Oil Prices Edge Higher On U.S. Rate Hopes, Supply Signals Weigh

Oil prices rose slightly in Asian trade on Friday, supported by broader market optimism that easing inflation will see the Federal Reserve cut interest rates by mid-2024. 

But prices remained largely rangebound as signs of higher supplies- amid record-high U.S. production and higher output from the Organization of Petroleum Exporting Countries (OPEC)- signaled that global oil markets may not be as tight as initially expected.

Brent oil futures expiring in May rose 0.4% to $82.23 a barrel, while West Texas Intermediate crude futures rose 0.3% to $77.74 a barrel by 20:44 ET (01:44 GMT). 

Both contracts were set to clock weekly gains, although these also came as prices recovered from a sharp fall in the prior week. While oil prices did mark some gains in February, they have remained largely rangebound between $75 to $85 a barrel so far in 2024.

Crude gains limited by higher supply outlook 

Reuters data showed that OPEC members produced 26.42 million barrels per day (bpd) in February, an increase of 90,000 bpd from the prior month, even as top producers Russia and Saudi Arabia remained committed to reducing supplies.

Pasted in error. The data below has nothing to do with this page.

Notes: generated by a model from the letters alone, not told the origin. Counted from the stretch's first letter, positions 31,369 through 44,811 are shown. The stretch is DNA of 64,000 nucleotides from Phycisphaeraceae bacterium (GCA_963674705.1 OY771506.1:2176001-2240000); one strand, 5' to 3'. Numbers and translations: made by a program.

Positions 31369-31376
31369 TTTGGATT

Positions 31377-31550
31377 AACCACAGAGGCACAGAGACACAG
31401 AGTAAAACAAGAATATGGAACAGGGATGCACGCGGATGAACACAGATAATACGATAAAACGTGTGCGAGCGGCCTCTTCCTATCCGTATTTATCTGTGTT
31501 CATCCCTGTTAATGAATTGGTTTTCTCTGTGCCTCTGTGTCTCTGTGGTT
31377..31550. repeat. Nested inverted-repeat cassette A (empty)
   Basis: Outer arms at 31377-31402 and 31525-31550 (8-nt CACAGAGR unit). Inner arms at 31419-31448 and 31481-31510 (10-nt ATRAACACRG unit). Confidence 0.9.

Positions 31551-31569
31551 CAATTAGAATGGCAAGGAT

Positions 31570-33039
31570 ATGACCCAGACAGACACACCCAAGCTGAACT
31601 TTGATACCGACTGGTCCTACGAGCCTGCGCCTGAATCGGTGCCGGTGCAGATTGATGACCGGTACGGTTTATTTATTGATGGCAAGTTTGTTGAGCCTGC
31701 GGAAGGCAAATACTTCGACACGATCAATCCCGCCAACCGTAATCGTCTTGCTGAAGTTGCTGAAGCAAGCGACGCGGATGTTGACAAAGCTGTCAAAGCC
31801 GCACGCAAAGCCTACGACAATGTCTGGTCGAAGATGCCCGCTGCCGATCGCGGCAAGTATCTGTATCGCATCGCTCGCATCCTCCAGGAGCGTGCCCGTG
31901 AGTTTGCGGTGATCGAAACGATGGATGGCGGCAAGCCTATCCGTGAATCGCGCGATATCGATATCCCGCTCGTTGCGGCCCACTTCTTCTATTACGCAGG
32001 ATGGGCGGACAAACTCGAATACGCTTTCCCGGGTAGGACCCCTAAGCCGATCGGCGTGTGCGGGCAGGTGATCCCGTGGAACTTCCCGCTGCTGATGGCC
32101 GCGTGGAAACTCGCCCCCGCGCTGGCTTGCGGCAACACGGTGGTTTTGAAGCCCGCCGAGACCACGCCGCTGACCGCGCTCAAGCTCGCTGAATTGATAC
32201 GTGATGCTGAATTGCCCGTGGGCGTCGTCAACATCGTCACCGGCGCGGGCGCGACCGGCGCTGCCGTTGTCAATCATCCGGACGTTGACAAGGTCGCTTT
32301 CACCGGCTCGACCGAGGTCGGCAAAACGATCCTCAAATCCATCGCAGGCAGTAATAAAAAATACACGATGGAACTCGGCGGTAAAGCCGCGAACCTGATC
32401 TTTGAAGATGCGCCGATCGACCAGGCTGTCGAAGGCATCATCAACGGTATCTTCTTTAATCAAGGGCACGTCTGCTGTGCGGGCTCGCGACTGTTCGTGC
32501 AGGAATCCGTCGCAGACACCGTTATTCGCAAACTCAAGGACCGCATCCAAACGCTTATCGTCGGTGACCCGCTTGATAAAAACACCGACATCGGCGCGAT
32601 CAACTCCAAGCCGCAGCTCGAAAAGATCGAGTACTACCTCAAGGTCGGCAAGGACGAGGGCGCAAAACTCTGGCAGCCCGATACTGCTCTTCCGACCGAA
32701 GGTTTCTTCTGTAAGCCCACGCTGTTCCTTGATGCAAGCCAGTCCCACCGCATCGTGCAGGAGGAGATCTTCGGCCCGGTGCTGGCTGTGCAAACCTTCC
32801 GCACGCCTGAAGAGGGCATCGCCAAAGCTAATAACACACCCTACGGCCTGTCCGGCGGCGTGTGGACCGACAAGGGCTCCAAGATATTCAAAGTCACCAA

Data earlier in the week also showed that U.S. oil inventories grew for a fifth straight week, while production recovered back to record highs above 13 million bpd towards the end of February.

The readings pointed to oil markets being not as tight as initially hoped for later in 2024. But on the flipside, recent media reports also suggested that the OPEC was committed to maintaining its current pace of supply cuts until the end of the year. 

Geopolitical unrest in the Middle East also remained in play, as the Israel-Hamas war showed little signs of deescalation. Both sides played down prospects of a ceasefire, even as U.S. President Joe Biden called for a truce during the holy Musilim month of Ramadan. 

Demand outlook remains uncertain despite rates cheer 

On the demand front, the outlook for crude also remained uncertain despite the prospect of U.S. interest rate cuts.

PCE price index data- the Federal Reserve’s preferred inflation gauge- eased as expected in January, driving up some hopes that the Fed will consider lowering rates as inflation cools. This notion triggered a month-end rally in broader financial markets. 

But the reading still remained well above the Fed’s annual target, while several members of the central bank warned that it was in no hurry to begin trimming rates.

Any potential rate cuts are also expected to be accompanied by cooling in the U.S. economy, which paints a weak picture for crude demand

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